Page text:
On-line version ISSN 1816-7950
Print version ISSN 0378-4738
Water SA vol.34 n.5 Pretoria Oct. 2008
Gil MaheI, *; Sabine GirardI; Mark NewII; Jean-Emmanuel PaturelIII; Agnes CresI; Alain DezetterIII; Claudine DieulinI; Jean-François BoyerI; Nathalie RoucheI; Eric ServatI
IHydroSciences, Case MSE, University Montpellier 2, 34095 Montpellier Cedex 5, France
IISchool of Geography, Centre for the Environment, University of Oxford, South Parks Road, Oxford, OX1 3QY, England
IIIInstitut de Recherche pour le Developpement, BP 2528 Bamako, Mali
Monthly rainfall data in Burkina-Faso, West Africa, over a period of 77 years are extracted from three different gridded data sets, available either on the web: CRU (Climatic Research Unit, Norwich, UK), SIEREM (HydroSciences Montpellier, France), or from the National Meteorological Center of Burkina-Faso. With a view to modelling the runoff-rainfall relationship at the monthly time step, these data are used at the 0.5°*0.5° scale. Despite mean, minimum, standard deviation and inter-annual variability being very similar for the period 1922 to 1998, the three gridded data sets used show an important spatial variability of values with time, and some differences are observed which lead to significantly different runoff-rainfall simulations. Comparison of the rainfall grids has shown that differences between the precipitation grids are more pronounced during years when the rainfall is lower; this also applies to areas where the rainfall is lower. The three different rainfall grids produce differences in mean rainfall of 4 to 11%, depending on the grids that are compared. While these results are obviously specific to the station networks and interpolation method used, they provide an indication of the differences that can arise.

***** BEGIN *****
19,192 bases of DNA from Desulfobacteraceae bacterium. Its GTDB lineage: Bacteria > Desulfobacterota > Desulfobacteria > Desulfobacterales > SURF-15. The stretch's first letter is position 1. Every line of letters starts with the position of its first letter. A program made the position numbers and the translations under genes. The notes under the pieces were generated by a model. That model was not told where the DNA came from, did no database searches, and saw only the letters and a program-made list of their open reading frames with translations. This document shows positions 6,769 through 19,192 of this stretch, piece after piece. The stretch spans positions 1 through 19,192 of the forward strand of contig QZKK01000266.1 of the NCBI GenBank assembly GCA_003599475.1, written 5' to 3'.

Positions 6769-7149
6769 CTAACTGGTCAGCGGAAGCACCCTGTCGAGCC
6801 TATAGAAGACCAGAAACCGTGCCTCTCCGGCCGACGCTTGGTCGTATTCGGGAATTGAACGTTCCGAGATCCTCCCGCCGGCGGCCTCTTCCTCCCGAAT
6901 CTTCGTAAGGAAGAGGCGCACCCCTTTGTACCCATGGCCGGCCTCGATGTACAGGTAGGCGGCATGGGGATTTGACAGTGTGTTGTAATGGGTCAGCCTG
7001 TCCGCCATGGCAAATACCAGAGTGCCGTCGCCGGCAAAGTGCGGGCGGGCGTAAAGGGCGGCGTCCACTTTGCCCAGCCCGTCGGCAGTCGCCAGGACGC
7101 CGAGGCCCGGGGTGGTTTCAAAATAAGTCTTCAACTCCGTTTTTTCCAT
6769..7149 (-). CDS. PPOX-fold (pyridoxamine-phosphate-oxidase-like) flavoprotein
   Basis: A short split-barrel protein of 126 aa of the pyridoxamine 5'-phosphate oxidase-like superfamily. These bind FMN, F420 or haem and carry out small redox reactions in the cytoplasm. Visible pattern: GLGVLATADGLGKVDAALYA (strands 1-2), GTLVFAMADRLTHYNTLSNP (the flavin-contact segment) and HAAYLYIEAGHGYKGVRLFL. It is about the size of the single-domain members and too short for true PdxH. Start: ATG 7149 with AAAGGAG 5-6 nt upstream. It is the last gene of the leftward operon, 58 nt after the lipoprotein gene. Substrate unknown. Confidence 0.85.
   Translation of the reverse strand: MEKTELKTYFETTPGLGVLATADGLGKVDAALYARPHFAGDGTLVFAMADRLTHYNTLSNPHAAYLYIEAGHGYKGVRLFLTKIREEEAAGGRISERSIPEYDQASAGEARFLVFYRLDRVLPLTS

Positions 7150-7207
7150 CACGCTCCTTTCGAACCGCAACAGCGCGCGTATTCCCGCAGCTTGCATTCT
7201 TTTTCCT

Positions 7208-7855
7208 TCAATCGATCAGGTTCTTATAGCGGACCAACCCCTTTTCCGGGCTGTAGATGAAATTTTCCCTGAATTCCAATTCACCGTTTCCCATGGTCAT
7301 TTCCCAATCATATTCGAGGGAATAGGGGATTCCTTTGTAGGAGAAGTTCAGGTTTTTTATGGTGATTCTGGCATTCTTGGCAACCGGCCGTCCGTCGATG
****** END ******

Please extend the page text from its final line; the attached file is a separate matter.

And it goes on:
It is recommended that as many stations as possible are used to better assess areal rainfall. These biases have a strong influence on the results of the runoff-rainfall modelling (using the GR2M conceptual model): the Nash criteria show differences of about 20% and calculated flow of 30% to 40%. This study illustrates the levels of uncertainty when using available rainfall gridded data sets, for rainfall-runoff studies in West African developing countries, which is important in the context of predicting water resources for the future from the GCM outputs for the 21st century.
Keywords: Burkina-Faso, database, runoff, rainfall, rainfall-runoff modelling, West Africa